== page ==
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Labor & Employment Legal Alert
July 1, 2016              

New PAGA Amendments Intended To Help California Employers

With the stated purpose of reducing “unnecessary litigation” and lowering the cost for employers doing business in California, Governor Jerry Brown, on June 27, 2016, signed into law amendments to California's Private Attorneys General Act (“PAGA”).  The PAGA has been a thorn in the side of California employers since it was enacted because it grants employees the authority to sue for Labor Code violations on behalf of themselves and other employees as a representative of the California Labor and Workforce Development Agency (“LWDA”).  Plaintiffs’ lawyers have seized on this opportunity to file numerous lawsuits against California employers over the last few years, often for minor or technical violations, seeking to recover not only available penalties but their fees and costs as well. 

The new amendments, which are effective July 1, 2016, aim to give the LWDA more oversight over PAGA claims.  They provide as follows:

  • The LWDA now has 60 days to review PAGA notices.  (Formerly it was 30 days.)
  • Employee notices to the LWDA must be submitted online along with a $75 fee.
  • Employers’ cure notices to the LWDA must be submitted online.
  • A PAGA plaintiff cannot commence a civil action until 65 days after sending notice of claimed violations to the LWDA.  (Formerly it was 33 days.)
  • The LWDA has 65 days to notify the plaintiff and employer of its intent to investigate.  (Formerly it was 33 days.)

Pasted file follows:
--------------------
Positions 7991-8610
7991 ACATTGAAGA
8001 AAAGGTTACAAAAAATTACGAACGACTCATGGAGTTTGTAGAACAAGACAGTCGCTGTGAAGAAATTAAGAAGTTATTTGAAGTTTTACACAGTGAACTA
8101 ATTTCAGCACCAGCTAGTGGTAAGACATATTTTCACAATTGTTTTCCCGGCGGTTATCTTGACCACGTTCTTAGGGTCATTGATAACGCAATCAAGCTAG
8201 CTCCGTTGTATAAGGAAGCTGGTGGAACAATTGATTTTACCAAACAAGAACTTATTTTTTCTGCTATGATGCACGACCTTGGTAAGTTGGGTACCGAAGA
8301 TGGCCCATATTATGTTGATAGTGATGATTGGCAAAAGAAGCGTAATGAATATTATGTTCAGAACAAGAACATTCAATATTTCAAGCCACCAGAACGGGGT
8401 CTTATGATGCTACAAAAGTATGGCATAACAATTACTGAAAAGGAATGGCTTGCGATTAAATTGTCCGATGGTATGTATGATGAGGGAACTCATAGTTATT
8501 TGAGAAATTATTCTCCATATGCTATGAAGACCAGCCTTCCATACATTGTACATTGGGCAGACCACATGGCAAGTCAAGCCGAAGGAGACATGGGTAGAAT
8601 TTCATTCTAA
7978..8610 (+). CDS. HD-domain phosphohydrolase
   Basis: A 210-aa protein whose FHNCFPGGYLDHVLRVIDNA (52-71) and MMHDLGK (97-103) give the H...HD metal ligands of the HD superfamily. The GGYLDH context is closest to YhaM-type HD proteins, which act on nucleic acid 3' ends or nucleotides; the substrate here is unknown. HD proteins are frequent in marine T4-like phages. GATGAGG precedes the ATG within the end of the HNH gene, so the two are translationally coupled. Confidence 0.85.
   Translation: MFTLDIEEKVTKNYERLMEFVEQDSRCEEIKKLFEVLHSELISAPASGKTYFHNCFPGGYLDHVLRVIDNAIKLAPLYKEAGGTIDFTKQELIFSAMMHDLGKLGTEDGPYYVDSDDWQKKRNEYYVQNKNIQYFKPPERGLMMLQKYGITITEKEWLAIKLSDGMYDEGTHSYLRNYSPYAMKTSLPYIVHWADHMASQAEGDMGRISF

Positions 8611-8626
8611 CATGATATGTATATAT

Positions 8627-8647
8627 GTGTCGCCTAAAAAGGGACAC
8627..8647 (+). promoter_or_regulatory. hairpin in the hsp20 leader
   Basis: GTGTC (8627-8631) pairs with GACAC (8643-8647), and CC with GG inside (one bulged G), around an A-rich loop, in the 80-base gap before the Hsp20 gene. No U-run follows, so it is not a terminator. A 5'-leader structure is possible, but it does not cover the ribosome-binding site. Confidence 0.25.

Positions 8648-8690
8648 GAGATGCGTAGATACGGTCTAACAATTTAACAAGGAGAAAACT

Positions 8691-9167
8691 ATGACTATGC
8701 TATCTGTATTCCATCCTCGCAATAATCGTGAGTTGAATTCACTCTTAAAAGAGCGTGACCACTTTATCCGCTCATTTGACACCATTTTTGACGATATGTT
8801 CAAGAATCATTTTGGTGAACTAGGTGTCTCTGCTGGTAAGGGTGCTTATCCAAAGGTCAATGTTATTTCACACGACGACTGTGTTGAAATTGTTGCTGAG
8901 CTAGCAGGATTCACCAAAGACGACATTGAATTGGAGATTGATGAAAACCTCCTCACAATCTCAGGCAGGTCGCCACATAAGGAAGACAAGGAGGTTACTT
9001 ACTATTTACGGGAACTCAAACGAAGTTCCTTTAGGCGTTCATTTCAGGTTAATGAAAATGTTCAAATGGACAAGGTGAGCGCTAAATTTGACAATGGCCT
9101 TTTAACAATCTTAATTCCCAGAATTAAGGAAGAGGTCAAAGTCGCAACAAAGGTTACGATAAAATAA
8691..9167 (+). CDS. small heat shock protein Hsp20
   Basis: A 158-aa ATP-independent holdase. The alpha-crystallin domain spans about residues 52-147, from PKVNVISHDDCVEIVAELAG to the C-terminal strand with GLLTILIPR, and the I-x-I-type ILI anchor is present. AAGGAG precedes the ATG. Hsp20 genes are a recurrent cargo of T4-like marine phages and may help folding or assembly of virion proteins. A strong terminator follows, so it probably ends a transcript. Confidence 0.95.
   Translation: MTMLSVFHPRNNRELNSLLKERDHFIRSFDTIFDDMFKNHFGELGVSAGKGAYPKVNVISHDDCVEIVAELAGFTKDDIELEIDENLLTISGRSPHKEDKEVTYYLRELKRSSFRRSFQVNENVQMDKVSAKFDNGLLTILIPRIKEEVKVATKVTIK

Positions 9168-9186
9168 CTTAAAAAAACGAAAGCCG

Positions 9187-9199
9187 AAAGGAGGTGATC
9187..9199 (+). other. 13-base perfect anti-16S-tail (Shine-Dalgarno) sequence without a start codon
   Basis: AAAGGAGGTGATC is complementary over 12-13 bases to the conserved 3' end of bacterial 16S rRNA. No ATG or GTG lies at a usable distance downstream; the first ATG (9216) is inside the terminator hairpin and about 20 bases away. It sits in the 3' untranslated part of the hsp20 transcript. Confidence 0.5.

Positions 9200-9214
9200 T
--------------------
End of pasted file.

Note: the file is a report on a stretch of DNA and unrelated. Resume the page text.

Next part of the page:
• For cases filed on or after July 1, 2016, the LWDA may extend its deadline to issue citations to up to 180 days, and the LWDA must be served with a copy of any PAGA complaint filed in court.
  • The LWDA must be provided with a proposed PAGA settlement at the same time as the settlement is submitted to a court for the court’s required approval.
  • The LWDA must be provided with any court order that approves or denies a settlement of PAGA claims.

It remains to be seen how the LWDA’s increased role pursuant to these amendments will impact California employers and PAGA litigation.  Some of the amendments, such as the increased cure period, provide obvious benefits to employers, while others, such as the $75 filing fee for LWDA notices, likely won’t have much effect.  For other amendments, such as the ones that give the LWDA a role in the settlement of PAGA claims, the impact likely won’t be clear for some time.  Ultimately, whether Governor Brown's stated objectives of reducing litigation and decreasing employers’ costs of doing business will become reality is unknown, but at the very least, the amendments reflect a recognition that PAGA claims and litigation need to be reined in.

Nestor Alexander Alexander Nestor
Labor & Employment | Litigation | Class Actions | Financial Services | Technology Companies
San Francisco
(415) 273-8411
(415) 837-1516 (fax)
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